April 12, 2017
When the City of Kamloops completed its first Agricultural Area Plan in 2013, there was an abundance of action items that lay before it.
One of the most pressing was the development of an Agriculture Water Demand Model that would increase understanding of agricultural water use and bolster BC’s commitment under the Living Water Strategy to reserve water for farmland.
A water demand model is a management planning tool that calculates current and future agricultural water demands for areas within the Agricultural Land Reserve and areas zoned for agriculture within the City. Crop type, irrigation system type, soil texture and historical climate data are all used to calculate current water demands and to project future demands using various climate change scenarios.
With federal and provincial funding delivered through IAF’s Agricultural Area Planning Program, the City was able to complete the water demand modelling exercise in 2016.
For Jason Locke, Community Planner Supervisor with the City of Kamloops, having a resource in place that clarifies water use issues is vital for any long-term agricultural planning.
“The water demand model provides a better understanding of the opportunities and issues related to crop irrigation,” says Locke. “This information can be used by the local agricultural industry to improve agricultural productivity and potentially see more land available for production…from a sustainability perspective, the City sees the model as an important tool to encourage water conversation and enhance local food production.”
Included in the comprehensive report are climate change scenarios developed by the University of British Columbia and the Summerland Research and Development Centre. Among other predictions is an increase in agricultural water demand due to warmer and longer summers, as well as lower precipitation during summer months.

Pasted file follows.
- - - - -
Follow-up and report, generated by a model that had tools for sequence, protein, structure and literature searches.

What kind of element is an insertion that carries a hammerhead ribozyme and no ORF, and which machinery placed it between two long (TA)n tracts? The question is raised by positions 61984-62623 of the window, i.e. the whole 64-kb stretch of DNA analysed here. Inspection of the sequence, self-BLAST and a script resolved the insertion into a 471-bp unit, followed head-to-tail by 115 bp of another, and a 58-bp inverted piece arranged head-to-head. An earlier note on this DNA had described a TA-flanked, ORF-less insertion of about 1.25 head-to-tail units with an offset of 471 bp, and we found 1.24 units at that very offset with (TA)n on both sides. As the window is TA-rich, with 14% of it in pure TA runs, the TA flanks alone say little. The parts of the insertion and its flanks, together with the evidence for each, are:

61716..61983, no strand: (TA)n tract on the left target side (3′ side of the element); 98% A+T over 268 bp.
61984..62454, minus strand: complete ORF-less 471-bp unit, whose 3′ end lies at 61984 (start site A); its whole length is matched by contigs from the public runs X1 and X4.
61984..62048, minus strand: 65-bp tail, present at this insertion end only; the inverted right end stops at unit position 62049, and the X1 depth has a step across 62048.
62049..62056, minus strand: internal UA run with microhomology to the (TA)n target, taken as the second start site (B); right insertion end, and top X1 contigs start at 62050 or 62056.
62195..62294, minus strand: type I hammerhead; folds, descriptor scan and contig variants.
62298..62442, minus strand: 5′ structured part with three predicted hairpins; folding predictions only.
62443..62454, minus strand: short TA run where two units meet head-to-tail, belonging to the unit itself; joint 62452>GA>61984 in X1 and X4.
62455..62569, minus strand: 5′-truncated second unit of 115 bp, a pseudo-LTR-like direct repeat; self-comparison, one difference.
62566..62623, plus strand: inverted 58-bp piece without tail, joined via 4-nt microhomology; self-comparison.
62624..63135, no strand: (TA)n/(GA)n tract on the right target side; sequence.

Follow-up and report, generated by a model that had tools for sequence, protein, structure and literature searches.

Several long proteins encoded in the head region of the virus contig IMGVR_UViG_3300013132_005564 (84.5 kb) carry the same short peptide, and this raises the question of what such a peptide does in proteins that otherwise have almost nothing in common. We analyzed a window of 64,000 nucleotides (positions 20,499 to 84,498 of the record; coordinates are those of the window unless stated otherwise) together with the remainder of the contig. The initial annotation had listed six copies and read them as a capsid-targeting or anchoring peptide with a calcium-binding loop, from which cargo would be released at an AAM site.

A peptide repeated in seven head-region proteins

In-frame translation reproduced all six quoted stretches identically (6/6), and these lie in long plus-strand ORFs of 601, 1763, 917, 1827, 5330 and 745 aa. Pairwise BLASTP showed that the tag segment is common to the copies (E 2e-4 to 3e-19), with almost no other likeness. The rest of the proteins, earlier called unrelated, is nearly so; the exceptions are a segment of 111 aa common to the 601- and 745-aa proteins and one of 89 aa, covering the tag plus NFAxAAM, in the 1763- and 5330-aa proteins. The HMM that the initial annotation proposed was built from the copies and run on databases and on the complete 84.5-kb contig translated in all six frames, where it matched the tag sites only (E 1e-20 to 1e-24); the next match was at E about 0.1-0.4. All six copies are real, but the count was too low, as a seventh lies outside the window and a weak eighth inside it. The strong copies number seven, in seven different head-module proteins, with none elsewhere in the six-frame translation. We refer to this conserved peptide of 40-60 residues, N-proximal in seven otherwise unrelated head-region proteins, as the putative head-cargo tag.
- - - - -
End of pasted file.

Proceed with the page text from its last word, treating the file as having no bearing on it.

Using three climate change models, researchers were able to determine that in an extreme climate scenario, there is potential for the annual water demand to increase by up to 18 percent than that experienced in historically dry years.
But it’s not all doom and gloom. Researchers also discovered an opportunity for significant water reduction by converting irrigation systems to a higher efficiency for some crops. Drip systems, for instance, can be used for all fruit and vegetable crops, as well as some other horticultural crops.
Marvin Kwiatkowski, Director for the Development and Engineering Services Department, is thrilled the City now has a blueprint to facilitate future research projects.
“Access to current and accurate data will allow the Kamloops agricultural industry to put additional land under cultivation,” Kwiatkowski predicts. “The benefits will include increased food production in the region and associated economic benefits, as well as increased food security for local residents.”
As part of the project, the City was also able to complete a Land Use Inventory which gives administrators a better understanding of current agricultural land use and production, as well as an online soils database that offers the agricultural community accurate mapping of potential agricultural land and capability.
An Agricultural Toolkit, including the Agriculture Water Demand Model report, soils mapping and Land Use Inventory is available at www.kamloops.ca.
Funding: $5,000 through the former federal-provincial Safety Nets framework. (B0016.23.02)